I can hardly stand to write or think about it, it's just so horrible. And no one can do a damned thing about it :-(

We have only 2 living children, ourselves, and I thank God every day that they are still with me. I cherish them more than I can begin to describe. But do I need to? You are parents, most of you. YOU know what it feels like to have your heart squeeze in love - and fear - for your children. I tell my kids that I love them ... every. single. day. I try to show it, too, with my actions, not just words (because talk's cheap, and kids intuitively know that). Because, one day, I might NOT be able to tell them - or show them - how much I love and appreciate them. They are more precious to me than my own life.

I would like to comment on what one poor mother said (to another grieving mother on another blog): that she "got angry" when someone told her that were sorry for her loss. That just blows me away. I wondered...what does she want people to say, instead? That they were GLAD at her loss? Of course not - she'd be justifiably horrified, hurt and outraged - and I don't know of anyone hateful enough to say something like that. I suspect there are those like that in the world, but *I* sure don't want to meet such foul, satanic monsters.

That poor, grieving mother has forgotten that most of us adults in this world ARE parents - and we have vivid imaginations. Oh, yes ...we can imagine -- far-too-easily -- the horror and grief we would feel if we lost one of our own beloved children!

Of COURSE we're "sorry" when we hear of another parent's loss! In fact, we are so horrified and devastated for that poor, bereaved parent, that we can hardly breathe. We're "sorry" because we're not God, so we can't do a damn thing about what happened. We're "sorry" that we don't have a magic wand to undo what happened. We're "sorry" because we KNOW that whatever words we say or actions we take will be cold comfort - at best. We know our hugs and helplessly-murmured whispers will mean nothing to the grieving parent, yet it would be worse - far worse - if we did not offer them at all.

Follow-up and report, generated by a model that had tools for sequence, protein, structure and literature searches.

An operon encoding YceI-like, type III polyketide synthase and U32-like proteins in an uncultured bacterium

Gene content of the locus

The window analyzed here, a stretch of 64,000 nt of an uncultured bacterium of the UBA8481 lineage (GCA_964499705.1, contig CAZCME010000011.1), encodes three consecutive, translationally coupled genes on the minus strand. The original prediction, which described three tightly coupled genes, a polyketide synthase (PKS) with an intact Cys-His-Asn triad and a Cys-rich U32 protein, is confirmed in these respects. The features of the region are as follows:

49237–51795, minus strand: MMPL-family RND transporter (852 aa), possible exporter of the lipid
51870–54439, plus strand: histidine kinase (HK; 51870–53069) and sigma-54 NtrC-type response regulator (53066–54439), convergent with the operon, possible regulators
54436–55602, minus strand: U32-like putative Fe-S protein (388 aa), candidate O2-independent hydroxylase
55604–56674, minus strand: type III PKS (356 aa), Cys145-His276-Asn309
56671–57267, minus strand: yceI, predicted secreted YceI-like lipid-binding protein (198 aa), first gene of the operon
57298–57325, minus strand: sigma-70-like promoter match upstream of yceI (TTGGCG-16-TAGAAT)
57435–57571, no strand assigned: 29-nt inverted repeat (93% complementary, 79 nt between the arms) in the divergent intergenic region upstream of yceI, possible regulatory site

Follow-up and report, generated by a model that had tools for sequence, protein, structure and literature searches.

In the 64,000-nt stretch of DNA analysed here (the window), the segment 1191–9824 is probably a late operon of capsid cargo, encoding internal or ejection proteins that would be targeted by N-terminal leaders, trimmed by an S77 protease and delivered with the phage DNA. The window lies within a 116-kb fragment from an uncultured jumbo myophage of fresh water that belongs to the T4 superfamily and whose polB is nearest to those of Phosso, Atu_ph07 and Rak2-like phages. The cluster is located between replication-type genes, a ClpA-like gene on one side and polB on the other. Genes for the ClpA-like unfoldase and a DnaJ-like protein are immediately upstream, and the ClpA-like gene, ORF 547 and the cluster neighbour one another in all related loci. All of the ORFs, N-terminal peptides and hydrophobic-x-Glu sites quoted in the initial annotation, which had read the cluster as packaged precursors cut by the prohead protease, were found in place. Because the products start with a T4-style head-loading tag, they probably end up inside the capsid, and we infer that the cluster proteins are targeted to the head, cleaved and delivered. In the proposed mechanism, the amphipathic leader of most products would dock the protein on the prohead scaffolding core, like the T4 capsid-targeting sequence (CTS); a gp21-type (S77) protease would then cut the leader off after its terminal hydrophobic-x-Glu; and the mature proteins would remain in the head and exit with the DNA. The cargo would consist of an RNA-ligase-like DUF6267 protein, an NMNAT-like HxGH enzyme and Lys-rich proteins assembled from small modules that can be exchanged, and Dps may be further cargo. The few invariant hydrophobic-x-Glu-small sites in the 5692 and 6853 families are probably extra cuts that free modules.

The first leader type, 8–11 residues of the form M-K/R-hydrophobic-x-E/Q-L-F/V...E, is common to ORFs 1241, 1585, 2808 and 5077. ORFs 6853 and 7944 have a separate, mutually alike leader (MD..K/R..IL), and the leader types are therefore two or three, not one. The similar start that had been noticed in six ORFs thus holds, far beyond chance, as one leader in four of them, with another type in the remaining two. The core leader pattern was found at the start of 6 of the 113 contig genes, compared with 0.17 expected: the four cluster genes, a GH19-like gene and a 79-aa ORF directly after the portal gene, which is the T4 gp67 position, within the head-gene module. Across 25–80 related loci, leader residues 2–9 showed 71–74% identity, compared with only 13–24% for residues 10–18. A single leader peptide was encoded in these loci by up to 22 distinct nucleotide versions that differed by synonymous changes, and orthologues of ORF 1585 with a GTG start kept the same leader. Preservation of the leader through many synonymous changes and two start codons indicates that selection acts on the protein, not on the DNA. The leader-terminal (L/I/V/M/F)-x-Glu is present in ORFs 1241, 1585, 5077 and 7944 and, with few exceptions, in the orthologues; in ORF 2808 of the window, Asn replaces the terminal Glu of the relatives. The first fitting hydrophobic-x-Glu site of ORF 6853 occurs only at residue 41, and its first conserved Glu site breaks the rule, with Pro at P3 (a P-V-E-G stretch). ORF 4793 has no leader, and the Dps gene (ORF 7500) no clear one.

We feel a cold, bony hand mercilessly squeeze our hearts when we hear of these things. Should such a thing happen to us, I know I would want to curl up and die of agonized grief, as would my husband. What an unspeakably HUGE hole in our hearts that loss would leave!

We know one of OUR babies could be 'the next'. :::shudder::: Oh, yes, we CAN 'understand' -- even if we have never lost a child. Any ordinary, normal, loving parent can't help but 'understand' - we have no choice but to understand, for the fear of our own possible loss is never far away; no, never.

We are, when all is said and done, not ever the 'masters of our fate', as some very silly people want to delude themselves into believing. We never will be in charge, either.

If you all would offer up a prayer for my poor Sarah & Simon - and for all grieving parents - it would be an act of Charity...and understanding.

Thank you!

A shocking and *OUTRAGEOUS* story

Wow. I think I've heard it all with this one. Do ya'll remember the photo I took of the bobbin half-full of "art-spun" kid mohair? The lovely multi-colored mohair from an angora goat named "Sierra"? It's on Nov 7th's blog-entry: "Yes, I really *have* been spinning".